Uruguay in the Rugby World Cup

World famous for soccer, turns out Uruguay has the #2 rugby team in South America. Guru'Guay investigates and is on the BBC during the Rugby World Cup.
By Karen A Higgs
Uruguay rugby by Marcos Harispe, Uruguay Rugby Union (URU)
Last updated on October 11, 2019

Uruguay is world famous for our national soccer team but did you know that Uruguay is one of just twenty nations to qualify for the 2019 Rugby World Cup in Japan? 

Pablo Ferrari, president of the Uruguay Rugby Union, takes to time to talk to Guru’Guay from Japan, in the run up to Uruguay’s game against Wales this weekend.

When and why did people start playing rugby in Uruguay?

Pablo Ferrari: Rugby in Uruguay developed in the second half of the nineteenth century under the influence of the British who arrived in Uruguay as a result of the industrial revolution. It was a time when European countries were bringing jobs, investment and innovation to South America, and well, they also brought their sports. Rugby was an fairly unknown sport nationally for a long time though it was played in the mostly closed circles of the British community since the 1860s. Myself I played rugby all my life at the Montevideo Cricket Club which was founded in 1861. In fact the Montevideo Cricket Club is the oldest rugby club outside the UK and eighth oldest in the world, as recognised by the World Rugby Museum at Twickenham.

How many times has Uruguay reached the Rugby World Cup?

Pablo: The Teros–as the national squad are known–have played the World Cup four times. Our first time was in 1999. We played in a group that included Scotland and South Africa. Scotland was the European champion, South Africa was the world champion. Uruguay did beat Spain. We qualified directly for the 2003 World Cup in Australia, where we faced South Africa once again, along with England, Samoa and Georgia. In that World Cup, we won our first game–against Georgia. It was incredible as there’s a big Uruguayan community in Australia and there were more than 15,000 Uruguayans and children of Uruguayans in the stands. Then we qualified England in 2015. Unfortunately, we didn’t win a game but we did score two tries against Fiji and it was a great World Cup for us. Now in the 2019 World Cup we are in a tough group with Wales, Australia, Georgia and Fiji. We beat Fiji in our first match–something totally historic and praised by many here at the world cup and around the world.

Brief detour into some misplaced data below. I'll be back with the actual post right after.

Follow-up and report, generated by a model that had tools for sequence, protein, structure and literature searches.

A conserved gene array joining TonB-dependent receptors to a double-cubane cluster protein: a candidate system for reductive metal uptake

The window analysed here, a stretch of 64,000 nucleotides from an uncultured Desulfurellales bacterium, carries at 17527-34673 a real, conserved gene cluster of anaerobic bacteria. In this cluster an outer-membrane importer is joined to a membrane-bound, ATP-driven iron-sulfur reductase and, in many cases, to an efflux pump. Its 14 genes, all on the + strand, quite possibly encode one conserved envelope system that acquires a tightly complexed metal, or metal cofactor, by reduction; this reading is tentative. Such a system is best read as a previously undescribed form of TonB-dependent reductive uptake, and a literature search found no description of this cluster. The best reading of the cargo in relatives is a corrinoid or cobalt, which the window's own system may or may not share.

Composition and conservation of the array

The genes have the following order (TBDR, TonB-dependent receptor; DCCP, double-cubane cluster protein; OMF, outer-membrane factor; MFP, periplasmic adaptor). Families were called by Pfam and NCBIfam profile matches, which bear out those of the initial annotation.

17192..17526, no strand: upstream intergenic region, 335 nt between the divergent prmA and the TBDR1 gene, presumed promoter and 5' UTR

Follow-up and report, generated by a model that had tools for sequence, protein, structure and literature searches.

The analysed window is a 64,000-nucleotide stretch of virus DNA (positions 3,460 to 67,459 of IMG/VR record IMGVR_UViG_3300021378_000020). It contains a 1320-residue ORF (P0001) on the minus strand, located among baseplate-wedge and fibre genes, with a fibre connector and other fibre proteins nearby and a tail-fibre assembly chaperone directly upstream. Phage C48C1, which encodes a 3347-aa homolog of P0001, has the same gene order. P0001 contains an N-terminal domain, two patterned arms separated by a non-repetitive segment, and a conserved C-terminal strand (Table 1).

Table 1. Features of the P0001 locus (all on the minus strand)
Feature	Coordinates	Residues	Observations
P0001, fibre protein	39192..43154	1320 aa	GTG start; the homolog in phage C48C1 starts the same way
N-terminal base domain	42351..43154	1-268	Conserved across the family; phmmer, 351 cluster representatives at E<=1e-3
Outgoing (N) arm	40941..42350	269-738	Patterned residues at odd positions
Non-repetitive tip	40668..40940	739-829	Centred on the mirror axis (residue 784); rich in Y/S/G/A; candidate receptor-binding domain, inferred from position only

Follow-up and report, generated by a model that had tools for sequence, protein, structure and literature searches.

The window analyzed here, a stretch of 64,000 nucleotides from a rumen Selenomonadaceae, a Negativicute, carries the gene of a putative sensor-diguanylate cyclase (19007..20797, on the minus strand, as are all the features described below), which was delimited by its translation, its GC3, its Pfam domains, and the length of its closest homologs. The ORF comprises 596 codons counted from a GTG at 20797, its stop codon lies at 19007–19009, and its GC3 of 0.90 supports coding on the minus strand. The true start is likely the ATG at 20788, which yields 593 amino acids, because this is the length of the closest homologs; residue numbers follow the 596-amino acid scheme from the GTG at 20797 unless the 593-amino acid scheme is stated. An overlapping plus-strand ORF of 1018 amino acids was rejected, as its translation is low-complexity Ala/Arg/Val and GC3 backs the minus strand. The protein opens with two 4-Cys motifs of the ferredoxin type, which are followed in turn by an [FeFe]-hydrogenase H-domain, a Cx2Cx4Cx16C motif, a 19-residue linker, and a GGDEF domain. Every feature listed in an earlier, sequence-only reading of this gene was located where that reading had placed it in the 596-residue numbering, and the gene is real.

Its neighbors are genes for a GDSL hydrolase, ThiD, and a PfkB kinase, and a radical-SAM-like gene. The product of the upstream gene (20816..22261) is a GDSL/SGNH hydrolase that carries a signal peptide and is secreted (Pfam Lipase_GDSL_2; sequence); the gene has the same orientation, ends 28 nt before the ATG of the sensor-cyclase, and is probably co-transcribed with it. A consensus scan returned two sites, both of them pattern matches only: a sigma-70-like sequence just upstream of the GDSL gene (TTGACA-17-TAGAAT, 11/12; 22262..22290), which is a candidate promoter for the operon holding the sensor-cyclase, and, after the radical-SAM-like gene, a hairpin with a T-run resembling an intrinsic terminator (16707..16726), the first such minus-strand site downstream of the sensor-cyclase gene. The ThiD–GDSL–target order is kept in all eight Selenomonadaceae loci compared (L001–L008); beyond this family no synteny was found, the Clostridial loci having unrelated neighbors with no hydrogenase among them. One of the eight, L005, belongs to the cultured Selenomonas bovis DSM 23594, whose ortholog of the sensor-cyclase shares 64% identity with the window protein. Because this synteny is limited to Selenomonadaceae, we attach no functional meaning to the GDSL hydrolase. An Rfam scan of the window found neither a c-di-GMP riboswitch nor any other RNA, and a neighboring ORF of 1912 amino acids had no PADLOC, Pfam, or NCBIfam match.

Uruguay rugby by Marcos Harispe, Uruguay Rugby Union (URU)

For a country of 3 million it is remarkable that Uruguay is the second most successful country in rugby in the Americas. Why?

Pablo: Uruguay is a country of few inhabitants but there are lots of strong athletes. We do well in football, basketball, rowing and rugby. Over the last fifteen years as a result of good governance in the URU, financial support from the government, the sponsors and the union itself, and a world-class stadium refurbished in 2012, we’ve put together a sound infrastructure.

Is it true that Uruguay are the only amateur team in the World Cup?

Pablo: Nowadays it’s not really amateur but rather semi-professional. In fact, several Teros players have contracts and others are on loan to professional leagues abroad. What it is true is that the Uruguay team players are 100% born and bred here. That is not the case in the 98 percent of the other teams. We think that gives us a plus.

I understand that the URU is being innovative in terms of the role of women.

Pablo: The URU had a very big debt with women’s rugby. There were a handful of clubs on the coast and very few in the capital. Four years ago this started to change. There are more clubs in Montevideo and in the interior and more importance is being given to the national squad. The latest thing we’ve created is a structure in which there are female managers. And in fact–something which is historic in the whole of the Americas–in 2018, Annie Milburn became our first female board member.

More on Wales and Uruguay

BBC Wales asked Guru’Guay, as Welsh person living in Uruguay for the last twenty years, about the differences between the two countries, and where she’d be watching the game.

Photos: courtesy Marcos Harispe/URU




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